If You Don’t Like My Hairy Legs, Go Fuck Yourself

  • Graphic Laura Lalonde

It’s not always easy to be hairy with a uterus.

Most of us female identifying humans spend lots of time and money on pieces of plastic with blades on the end, waking up ten minutes earlier to shave our legs and other bits. For the majority of post-pubescent life I was feeling the vibe.

But at some point I decided to stop.

There wasn’t any particular reason. To be honest, it wasn’t ideological. I just didn’t care. It was winter. Shaving cut into valuable sleep time. But then summer rolled around. I may have shaved a few times, but then I stopped. I couldn’t be bothered.

The only time my hairy legs bothered me was when my roommates joked about it—“We can make a weave!”—or when my coworker looked at my calves, exposed beneath a short summer skirt, snorted in contempt and looked at me.

“What’s funny?” I asked sweetly.

“You don’t shave?”

No, my dear testicular colleague. I do not shave.

These were mild annoyances, but having irreverently deflected many calls of “dyke” in a rebellious teenage hood, they didn’t get to me too much. Like the insidiously condescending comments in male-dominated workplaces, the frank, unabashed stares of the grossly male and worried comments of my parents about going out alone at night, I brushed them off and didn’t think about it too hard.

Instead I insulated myself in the cuddly and progressive sphere of the Montreal Left — the particular brand of decidedly, provocative queer, or at the least discreetly non-heteronormative human, that flourishes in the Mile End.

I never confronted it until I was, by circumstances of the fates and economic necessity, dropped in the backwoods of Northern New Brunswick, the land of incredibly friendly bilingual maritimers and a strict conception of sex and gender.

My roommate was very into strict definitions of gender. His hobbies include: blasting pop music, working out in his room and eating lots of pre-workout powder. After taking a profound dislike to me, he grew fond of not-so-passive aggressively making fun of me.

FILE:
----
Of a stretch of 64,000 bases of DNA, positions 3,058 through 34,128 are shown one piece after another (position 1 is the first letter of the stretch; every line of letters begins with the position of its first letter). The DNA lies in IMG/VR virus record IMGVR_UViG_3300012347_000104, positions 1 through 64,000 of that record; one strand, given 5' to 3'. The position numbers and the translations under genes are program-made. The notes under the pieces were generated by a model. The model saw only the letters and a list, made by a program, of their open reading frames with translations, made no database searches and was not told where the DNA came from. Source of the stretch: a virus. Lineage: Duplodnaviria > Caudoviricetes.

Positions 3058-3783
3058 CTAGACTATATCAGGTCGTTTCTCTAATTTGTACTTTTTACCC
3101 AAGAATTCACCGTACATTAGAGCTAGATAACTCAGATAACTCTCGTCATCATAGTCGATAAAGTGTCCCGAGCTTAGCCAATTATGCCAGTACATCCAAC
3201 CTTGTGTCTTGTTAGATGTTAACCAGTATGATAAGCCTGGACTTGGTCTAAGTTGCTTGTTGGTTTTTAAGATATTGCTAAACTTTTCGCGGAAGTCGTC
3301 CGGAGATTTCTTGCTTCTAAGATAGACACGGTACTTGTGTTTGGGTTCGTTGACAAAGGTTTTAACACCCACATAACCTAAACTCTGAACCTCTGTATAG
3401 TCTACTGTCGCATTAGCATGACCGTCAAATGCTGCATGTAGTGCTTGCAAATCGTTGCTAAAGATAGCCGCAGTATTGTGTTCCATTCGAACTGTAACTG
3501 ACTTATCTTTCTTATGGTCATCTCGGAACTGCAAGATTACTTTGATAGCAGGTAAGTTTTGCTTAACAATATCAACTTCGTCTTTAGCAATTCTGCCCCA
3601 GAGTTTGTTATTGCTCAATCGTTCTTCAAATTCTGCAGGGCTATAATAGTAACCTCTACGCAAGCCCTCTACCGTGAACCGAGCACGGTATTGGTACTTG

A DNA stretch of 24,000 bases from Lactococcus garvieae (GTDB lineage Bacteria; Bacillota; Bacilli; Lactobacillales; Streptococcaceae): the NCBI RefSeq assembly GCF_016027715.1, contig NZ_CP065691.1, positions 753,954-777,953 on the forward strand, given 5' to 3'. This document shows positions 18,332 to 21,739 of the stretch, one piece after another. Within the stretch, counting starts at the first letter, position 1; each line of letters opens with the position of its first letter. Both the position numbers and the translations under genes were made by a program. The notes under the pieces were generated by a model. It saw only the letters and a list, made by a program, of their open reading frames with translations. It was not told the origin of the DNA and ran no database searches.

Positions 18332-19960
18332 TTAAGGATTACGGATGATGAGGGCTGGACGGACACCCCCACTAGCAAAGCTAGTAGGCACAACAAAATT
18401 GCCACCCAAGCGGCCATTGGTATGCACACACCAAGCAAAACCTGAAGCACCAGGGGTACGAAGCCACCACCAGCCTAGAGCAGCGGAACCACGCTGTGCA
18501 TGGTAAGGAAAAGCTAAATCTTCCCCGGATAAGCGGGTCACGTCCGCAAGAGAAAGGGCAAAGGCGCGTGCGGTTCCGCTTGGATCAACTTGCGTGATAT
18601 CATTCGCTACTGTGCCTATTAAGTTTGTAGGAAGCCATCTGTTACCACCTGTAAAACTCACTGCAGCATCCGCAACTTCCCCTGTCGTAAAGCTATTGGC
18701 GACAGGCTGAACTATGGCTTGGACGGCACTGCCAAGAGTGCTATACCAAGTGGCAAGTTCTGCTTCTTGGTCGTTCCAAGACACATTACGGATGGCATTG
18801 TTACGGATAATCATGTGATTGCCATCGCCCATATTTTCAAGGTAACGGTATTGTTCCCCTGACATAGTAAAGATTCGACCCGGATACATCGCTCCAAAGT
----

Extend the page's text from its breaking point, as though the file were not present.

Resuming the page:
Luckily for me, he chose not to insult my professional ability, my political leanings or anything to do with who I am as a person. He chose to deride me for not shaving my legs.

It was only then that I realized the extent to which beauty standards act as a means of social control. In 1915, some advertisers realized they could get 50 per cent of the population to spend money if they convinced them a part of their body was something to be ashamed of. It worked.

Women spend a shit ton of money, time and mental energy removing their body hair. We pour burning wax near sensitive erogenous zones and spend hours every year clogging shower drains with unwanted keratin.

There’s nothing wrong with changing your appearance because you feel like it. But let’s be honest, a lot of us do it because we feel inadequate, unfeminine and undesirable if we don’t. We don’t even do it to be extra sexy or provocative or whatever: we do it to feel not-hideous.

So this roommate of mine didn’t feel compelled to insult my work, my thoughts, my view — anything to do with who I am as a person. All he felt he had to do was invoke the widely-held principle that women who don’t uphold certain standards imposed on them by men, as a means of capitalist gain, are inadequate.

All he had to do was point out that I grow hair, a trait all mammals have, and that I don’t go out of my way to take it off. And in the logic which imposes this artificial ideal of female-ness, the shame and self-hatred ingrained in women from their conception would do it’s work for him.

Luckily I had just been privy to two years of pretty exhaustive social de-conditioning in a progressive milieu. My identity had room to flourish beyond my desirability as a sexual object — not that sexuality had been erased from my identity: it had just been redefined.

I guess what I’m trying to say is, if you don’t like my hairy legs, go fuck yourself.


Gloria Steinem the Second

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